Rural patients suffer fallout of EMS strike in Eastern Cape
The Eastern Cape Department of Health was left with no choice but to rope in private ambulances as Emergency Medical Services (EMS) workers in the Amathole and King William’s Town areas have been striking since 12 April. According to the department, the private ambulances cost R1.2 million or this period. The situation escalated after some private ambulance vehicles were allegedly stoned and some paramedics who refused to join the stay-away were attacked.
Some health workers say the situation is dire and emergency cases are piling up. Doctors warned that this puts patients at real risk of harm and even death. Critically ill patients, including complicated pregnancy cases, often have to be ferried by private vehicles to Cecilia Makiwane Hospital in Mdantsane and Frere Hospital in East London.
One frustrated healthcare worker who asked to remain anonymous slammed the EMS workers for refusing to take call-outs.
“This EMS strike is crippling access to ambulances and patient transport vehicles and putting other healthcare workers under pressure,” the healthcare worker says. “We are unable to transfer patients to Cecilia Makiwane or Frere Hospital in need of urgent medical care since 13 April. We have no choice but to use non-emergency vehicles to transfer patients according to the order of importance.”
Now we have to wait for the police to escort private ambulances. If there is no police vehicle available, we are unable to refer patients.
“Emergency cases are piling up by the minute, as we normally transfer ten emergencies on a normal day. We have been requesting a private ambulance to assist with transfers and to alleviate the pressure caused by the lack of personnel. However, striking workers are not allowing private ambulances to operate and it was allegedly pelted with stones. They also tried to drive the ambulance off the road when responding to emergency situations.
“There was a pregnant lady that should have been referred to Cecilia Makiwane Hospital, but there was no EMS. She had a Caesarean section in Fort Beaufort Hospital, luckily the mom and the baby were fine. There are many cases of children on oxygen needing referral to Cecilia Makiwane Hospital. Now we have to wait for the police to escort private ambulances. If there is no police vehicle available, we are unable to refer patients.”
The healthcare worker warns that such delays can be fatal.
“In some cases, we risk people’s lives and transport them in a non-emergency vehicle instead of waiting for an ambulance that might not arrive. The delay of call-out or non-availability of an ambulance can lead to death or a patient might be exposed to a worse condition.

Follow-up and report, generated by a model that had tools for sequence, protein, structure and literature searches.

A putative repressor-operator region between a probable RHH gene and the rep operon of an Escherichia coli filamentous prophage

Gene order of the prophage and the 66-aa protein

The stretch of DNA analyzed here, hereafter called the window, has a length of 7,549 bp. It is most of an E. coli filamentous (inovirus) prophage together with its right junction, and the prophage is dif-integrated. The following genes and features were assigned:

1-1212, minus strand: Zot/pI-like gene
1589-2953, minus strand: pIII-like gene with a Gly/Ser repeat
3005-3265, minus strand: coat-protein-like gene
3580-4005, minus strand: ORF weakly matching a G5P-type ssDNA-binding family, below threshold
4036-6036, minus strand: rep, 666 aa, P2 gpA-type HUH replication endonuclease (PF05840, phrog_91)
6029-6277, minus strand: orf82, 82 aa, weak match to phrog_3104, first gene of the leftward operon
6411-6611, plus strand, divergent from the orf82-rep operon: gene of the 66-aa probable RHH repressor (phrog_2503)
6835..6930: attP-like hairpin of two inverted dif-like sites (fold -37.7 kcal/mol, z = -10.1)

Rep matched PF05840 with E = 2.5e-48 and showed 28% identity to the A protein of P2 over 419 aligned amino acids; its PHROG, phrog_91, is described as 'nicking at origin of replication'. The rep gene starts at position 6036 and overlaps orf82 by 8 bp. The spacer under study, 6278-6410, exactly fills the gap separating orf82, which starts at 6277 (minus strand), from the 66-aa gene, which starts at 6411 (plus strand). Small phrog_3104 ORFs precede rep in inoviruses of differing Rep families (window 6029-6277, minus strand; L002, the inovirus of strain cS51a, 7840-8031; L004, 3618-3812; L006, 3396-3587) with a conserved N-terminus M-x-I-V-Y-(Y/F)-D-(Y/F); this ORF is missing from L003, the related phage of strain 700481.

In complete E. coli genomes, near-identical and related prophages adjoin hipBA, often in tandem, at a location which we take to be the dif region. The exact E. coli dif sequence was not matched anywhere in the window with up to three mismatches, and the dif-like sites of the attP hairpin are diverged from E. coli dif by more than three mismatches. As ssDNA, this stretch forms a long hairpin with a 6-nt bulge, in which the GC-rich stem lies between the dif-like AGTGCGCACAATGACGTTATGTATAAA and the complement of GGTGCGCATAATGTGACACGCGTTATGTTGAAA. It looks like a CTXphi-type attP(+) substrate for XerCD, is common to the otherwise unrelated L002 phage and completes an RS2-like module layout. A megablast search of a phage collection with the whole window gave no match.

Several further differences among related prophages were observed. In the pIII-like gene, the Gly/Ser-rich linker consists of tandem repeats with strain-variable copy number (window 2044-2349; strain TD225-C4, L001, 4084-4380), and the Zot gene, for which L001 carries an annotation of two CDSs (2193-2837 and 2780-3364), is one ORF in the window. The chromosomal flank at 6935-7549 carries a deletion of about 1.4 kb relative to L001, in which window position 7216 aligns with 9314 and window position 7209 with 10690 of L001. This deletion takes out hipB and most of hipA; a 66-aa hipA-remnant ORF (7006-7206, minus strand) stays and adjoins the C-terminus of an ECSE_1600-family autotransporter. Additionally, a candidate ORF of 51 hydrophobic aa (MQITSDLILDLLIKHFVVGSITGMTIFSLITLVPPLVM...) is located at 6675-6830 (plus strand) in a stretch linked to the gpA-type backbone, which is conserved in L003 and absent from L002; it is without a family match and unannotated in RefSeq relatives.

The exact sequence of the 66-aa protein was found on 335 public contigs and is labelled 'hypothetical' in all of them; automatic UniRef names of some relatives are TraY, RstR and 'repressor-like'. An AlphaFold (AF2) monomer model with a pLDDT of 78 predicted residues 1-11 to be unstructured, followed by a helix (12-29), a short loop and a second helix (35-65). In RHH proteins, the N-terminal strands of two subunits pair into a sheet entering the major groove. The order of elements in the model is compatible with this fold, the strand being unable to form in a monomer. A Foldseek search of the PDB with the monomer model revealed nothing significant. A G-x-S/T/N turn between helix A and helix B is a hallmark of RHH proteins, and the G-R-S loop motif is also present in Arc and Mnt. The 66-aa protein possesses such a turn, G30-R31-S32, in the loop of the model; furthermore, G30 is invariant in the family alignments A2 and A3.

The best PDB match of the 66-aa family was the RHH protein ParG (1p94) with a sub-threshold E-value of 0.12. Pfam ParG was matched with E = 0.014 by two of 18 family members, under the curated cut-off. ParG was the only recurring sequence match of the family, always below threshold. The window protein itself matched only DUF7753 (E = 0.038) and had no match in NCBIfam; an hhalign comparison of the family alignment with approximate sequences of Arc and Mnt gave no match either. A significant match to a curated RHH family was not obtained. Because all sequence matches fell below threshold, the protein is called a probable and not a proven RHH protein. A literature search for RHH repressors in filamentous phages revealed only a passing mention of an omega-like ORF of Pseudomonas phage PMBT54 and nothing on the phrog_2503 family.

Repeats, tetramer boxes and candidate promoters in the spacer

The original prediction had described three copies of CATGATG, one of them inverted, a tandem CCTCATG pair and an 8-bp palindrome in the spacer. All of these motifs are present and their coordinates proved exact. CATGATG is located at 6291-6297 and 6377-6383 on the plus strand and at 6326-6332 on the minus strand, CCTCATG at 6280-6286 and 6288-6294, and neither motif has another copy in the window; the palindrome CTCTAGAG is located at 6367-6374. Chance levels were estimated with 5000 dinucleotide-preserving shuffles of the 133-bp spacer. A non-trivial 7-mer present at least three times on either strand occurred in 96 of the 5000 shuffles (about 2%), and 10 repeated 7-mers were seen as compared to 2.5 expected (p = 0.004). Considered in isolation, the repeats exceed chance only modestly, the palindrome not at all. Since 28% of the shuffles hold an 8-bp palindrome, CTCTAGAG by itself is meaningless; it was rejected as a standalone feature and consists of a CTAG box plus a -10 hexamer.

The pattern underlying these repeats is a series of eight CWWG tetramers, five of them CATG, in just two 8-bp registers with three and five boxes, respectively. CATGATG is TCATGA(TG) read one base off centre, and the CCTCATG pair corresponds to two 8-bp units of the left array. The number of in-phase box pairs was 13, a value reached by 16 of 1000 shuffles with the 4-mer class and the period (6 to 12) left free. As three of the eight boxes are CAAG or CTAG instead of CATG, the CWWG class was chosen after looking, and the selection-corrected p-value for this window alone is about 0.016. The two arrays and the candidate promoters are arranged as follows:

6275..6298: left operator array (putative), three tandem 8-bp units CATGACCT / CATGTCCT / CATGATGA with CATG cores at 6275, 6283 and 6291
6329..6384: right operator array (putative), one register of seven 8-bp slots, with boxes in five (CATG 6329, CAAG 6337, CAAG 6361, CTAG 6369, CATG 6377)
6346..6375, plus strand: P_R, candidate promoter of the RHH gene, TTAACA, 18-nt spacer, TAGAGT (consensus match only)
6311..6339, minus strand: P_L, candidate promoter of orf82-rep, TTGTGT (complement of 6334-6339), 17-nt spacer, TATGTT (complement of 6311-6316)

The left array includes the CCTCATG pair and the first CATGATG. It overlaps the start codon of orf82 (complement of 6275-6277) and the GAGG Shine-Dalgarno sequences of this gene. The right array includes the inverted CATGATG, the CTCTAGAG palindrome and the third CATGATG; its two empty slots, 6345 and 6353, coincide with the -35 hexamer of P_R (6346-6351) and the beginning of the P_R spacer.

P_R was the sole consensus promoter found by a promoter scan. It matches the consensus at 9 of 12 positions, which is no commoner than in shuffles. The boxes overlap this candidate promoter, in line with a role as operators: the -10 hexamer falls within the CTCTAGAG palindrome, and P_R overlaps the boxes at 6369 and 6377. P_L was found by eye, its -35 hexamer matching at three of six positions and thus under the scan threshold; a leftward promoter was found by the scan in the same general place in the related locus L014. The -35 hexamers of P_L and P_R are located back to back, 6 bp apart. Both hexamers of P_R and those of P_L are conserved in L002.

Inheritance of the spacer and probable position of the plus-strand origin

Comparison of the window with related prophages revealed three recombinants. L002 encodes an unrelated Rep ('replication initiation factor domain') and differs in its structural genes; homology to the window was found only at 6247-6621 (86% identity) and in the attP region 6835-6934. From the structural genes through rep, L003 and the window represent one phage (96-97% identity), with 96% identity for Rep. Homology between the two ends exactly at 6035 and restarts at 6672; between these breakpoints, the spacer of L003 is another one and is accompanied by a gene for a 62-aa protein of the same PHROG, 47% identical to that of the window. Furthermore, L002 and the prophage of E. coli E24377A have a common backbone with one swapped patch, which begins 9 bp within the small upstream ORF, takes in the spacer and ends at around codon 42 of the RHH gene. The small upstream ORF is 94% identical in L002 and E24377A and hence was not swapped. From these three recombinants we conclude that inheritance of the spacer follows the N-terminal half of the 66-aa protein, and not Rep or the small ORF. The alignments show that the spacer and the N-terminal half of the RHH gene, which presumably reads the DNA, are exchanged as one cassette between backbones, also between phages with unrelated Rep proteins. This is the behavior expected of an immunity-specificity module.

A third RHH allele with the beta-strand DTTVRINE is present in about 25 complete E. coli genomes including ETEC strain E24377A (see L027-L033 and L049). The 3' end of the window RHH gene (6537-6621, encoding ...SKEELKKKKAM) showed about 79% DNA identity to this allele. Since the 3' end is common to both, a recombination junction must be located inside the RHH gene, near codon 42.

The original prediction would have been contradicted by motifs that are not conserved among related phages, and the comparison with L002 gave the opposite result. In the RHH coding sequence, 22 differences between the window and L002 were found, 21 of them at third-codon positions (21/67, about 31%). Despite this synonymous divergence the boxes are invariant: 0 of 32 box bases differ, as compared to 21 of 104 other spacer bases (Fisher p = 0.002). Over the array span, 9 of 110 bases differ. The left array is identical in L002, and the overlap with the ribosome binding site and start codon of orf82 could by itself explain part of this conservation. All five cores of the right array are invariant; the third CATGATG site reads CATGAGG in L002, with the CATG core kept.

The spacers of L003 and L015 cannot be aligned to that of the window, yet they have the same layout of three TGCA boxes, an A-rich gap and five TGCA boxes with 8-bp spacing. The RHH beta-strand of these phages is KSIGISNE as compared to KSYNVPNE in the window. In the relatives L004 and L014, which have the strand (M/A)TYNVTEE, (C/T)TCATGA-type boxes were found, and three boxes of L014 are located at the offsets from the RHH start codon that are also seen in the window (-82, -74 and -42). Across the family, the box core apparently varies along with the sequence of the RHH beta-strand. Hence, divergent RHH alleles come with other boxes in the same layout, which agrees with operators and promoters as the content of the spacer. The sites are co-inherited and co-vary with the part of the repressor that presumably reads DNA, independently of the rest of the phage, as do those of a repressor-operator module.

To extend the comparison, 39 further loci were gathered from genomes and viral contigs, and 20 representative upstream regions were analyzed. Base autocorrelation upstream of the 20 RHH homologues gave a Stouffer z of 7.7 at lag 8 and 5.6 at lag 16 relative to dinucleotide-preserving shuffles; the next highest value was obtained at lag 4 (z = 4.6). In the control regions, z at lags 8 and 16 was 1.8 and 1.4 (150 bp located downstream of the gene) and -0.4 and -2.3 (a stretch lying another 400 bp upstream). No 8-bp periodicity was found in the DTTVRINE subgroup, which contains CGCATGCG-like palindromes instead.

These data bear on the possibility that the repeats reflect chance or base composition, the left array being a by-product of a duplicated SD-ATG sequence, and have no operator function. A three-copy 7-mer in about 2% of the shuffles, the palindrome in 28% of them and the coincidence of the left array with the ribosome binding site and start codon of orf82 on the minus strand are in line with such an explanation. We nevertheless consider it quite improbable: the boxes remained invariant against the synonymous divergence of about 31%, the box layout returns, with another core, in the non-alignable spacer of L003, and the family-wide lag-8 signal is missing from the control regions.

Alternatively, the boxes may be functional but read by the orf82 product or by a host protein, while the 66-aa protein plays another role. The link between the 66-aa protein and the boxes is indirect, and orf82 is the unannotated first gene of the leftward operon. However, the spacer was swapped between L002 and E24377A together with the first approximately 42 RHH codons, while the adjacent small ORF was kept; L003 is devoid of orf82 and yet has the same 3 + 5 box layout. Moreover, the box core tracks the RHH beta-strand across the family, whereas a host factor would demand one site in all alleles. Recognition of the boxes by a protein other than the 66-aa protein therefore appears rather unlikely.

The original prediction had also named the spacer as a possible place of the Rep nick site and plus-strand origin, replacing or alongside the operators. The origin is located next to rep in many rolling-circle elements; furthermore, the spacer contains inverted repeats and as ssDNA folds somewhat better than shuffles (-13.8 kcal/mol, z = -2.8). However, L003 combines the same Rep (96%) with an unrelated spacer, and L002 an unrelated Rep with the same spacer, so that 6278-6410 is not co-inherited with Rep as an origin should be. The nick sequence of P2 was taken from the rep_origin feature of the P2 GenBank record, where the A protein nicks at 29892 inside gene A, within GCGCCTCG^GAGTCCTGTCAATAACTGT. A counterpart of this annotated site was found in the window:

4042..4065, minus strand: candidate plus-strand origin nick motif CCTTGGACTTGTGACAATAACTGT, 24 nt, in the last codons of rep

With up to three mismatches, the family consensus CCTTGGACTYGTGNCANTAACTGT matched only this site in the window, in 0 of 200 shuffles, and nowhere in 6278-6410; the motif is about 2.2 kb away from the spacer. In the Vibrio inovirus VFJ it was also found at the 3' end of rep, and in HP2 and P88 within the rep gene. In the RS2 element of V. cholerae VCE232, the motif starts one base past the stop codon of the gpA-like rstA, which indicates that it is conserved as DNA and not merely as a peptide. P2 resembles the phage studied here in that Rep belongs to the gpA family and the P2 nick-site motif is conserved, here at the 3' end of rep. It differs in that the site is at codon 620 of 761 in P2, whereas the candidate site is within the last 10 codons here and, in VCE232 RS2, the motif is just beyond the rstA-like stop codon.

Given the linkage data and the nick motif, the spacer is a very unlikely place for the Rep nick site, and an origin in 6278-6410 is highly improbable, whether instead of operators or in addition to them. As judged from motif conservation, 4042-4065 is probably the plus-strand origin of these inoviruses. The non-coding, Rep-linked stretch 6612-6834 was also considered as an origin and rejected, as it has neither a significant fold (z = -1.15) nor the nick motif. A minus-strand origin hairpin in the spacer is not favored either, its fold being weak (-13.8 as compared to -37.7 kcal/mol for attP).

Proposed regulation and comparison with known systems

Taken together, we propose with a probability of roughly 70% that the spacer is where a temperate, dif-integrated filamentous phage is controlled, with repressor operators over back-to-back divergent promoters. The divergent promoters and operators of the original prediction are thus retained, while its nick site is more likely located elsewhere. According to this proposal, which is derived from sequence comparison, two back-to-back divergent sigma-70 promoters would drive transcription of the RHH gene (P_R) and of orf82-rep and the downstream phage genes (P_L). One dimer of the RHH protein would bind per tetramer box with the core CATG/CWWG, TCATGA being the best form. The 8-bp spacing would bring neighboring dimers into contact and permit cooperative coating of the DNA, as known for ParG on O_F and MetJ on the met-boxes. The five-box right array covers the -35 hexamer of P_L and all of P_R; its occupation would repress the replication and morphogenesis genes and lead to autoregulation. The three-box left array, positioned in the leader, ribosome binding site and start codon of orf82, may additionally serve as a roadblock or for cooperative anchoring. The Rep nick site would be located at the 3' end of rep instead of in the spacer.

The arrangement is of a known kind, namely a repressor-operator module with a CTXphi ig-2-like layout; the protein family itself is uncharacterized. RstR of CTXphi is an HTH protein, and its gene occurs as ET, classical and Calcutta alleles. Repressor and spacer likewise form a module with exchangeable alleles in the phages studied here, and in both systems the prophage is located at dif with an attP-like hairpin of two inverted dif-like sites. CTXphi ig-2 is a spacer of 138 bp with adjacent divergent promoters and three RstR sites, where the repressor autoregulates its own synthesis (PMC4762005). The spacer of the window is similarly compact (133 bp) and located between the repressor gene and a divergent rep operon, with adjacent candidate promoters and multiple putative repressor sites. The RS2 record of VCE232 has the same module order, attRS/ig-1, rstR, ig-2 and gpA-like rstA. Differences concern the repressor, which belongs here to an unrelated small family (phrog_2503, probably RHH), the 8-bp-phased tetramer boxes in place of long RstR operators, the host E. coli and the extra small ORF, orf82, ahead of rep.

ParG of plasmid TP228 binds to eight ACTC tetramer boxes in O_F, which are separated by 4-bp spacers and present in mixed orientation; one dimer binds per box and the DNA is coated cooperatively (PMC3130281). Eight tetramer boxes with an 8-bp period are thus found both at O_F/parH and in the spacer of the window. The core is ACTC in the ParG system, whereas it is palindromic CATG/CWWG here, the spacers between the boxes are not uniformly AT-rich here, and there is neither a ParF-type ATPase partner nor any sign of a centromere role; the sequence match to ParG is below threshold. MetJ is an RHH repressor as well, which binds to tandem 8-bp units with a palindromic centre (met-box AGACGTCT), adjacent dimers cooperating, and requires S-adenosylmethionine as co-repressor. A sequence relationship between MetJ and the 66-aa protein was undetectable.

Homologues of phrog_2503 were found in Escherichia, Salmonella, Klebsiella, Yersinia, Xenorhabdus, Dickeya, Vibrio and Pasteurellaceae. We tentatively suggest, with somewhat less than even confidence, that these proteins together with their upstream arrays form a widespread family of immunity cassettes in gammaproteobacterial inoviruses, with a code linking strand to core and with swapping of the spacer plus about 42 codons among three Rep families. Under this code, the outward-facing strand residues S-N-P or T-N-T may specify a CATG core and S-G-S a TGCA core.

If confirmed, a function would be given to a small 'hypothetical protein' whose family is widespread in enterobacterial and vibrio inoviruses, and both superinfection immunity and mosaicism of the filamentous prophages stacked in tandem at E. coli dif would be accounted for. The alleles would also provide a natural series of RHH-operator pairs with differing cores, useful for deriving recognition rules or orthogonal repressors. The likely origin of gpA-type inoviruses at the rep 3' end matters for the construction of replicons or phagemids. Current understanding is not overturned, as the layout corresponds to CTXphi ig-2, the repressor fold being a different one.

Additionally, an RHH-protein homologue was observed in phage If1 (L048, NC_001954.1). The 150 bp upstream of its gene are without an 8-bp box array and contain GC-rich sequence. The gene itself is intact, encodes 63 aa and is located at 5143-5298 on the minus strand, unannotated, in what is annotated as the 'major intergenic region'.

“Some patients are forced to hire taxis at prices they cannot afford to take them to the hospital or forfeit their hospital visit, which may have dire long-term consequences to their health. This is happening at a time when the province has high medico-legal litigation from medical negligence,” she says, adding that this makes it easier for patients to blame hospitals when things go wrong.
In some cases, we risk people’s lives and transport them in a non-emergency vehicle instead of waiting for an ambulance that might not arrive. The delay of call-out or non-availability of an ambulance can lead to death or a patient might be exposed to a worse condition.
EMS ‘a longstanding problem’
The unprotected strike is affecting EMS services mainly in the rural areas of the Amathole District where desperate villagers now have to pool their resources to hire private cars to get to healthcare facilities.
Poor access to EMS is a longstanding problem in many rural areas in the Eastern Cape. The situation triggered the South African Human Rights Commission (SAHRC) in 2015 to investigate and produce a report with detailed recommendations.
But, in her recent budget speech, Health MEC Nomakhosazana Meth acknowledged that the Eastern Cape Department of Health has not yet addressed the gaps identified by the SAHRC.
Meth says the department should have at least 650 ambulances, but currently, it has 447, of which 181 are patient transport vehicles, and 41 are rescue vehicles. She said this falls short of the recommended one ambulance per 10 000 population. The department had 2 244 EMS staff against a population of about 6.5 million, as there is a shortage of intermediate life-support personnel.
The National Education Health and Allied Workers’ Union’s (Nehawu) provincial secretary Mlungiseleli Ncapayi denied that EMS workers are on strike. Instead, he accused the department of refusing to accommodate workers’ demands.
“We know nothing about a strike in Amathole and King William’s Town. What we know is that it is business as usual. It is just that paramedics are not answering their private cell phones for the call-out. This is due to the fact that the EMS personnel have been using their private cell phones since 2017 for call-outs and the department refuses to provide them with the necessary communication tools.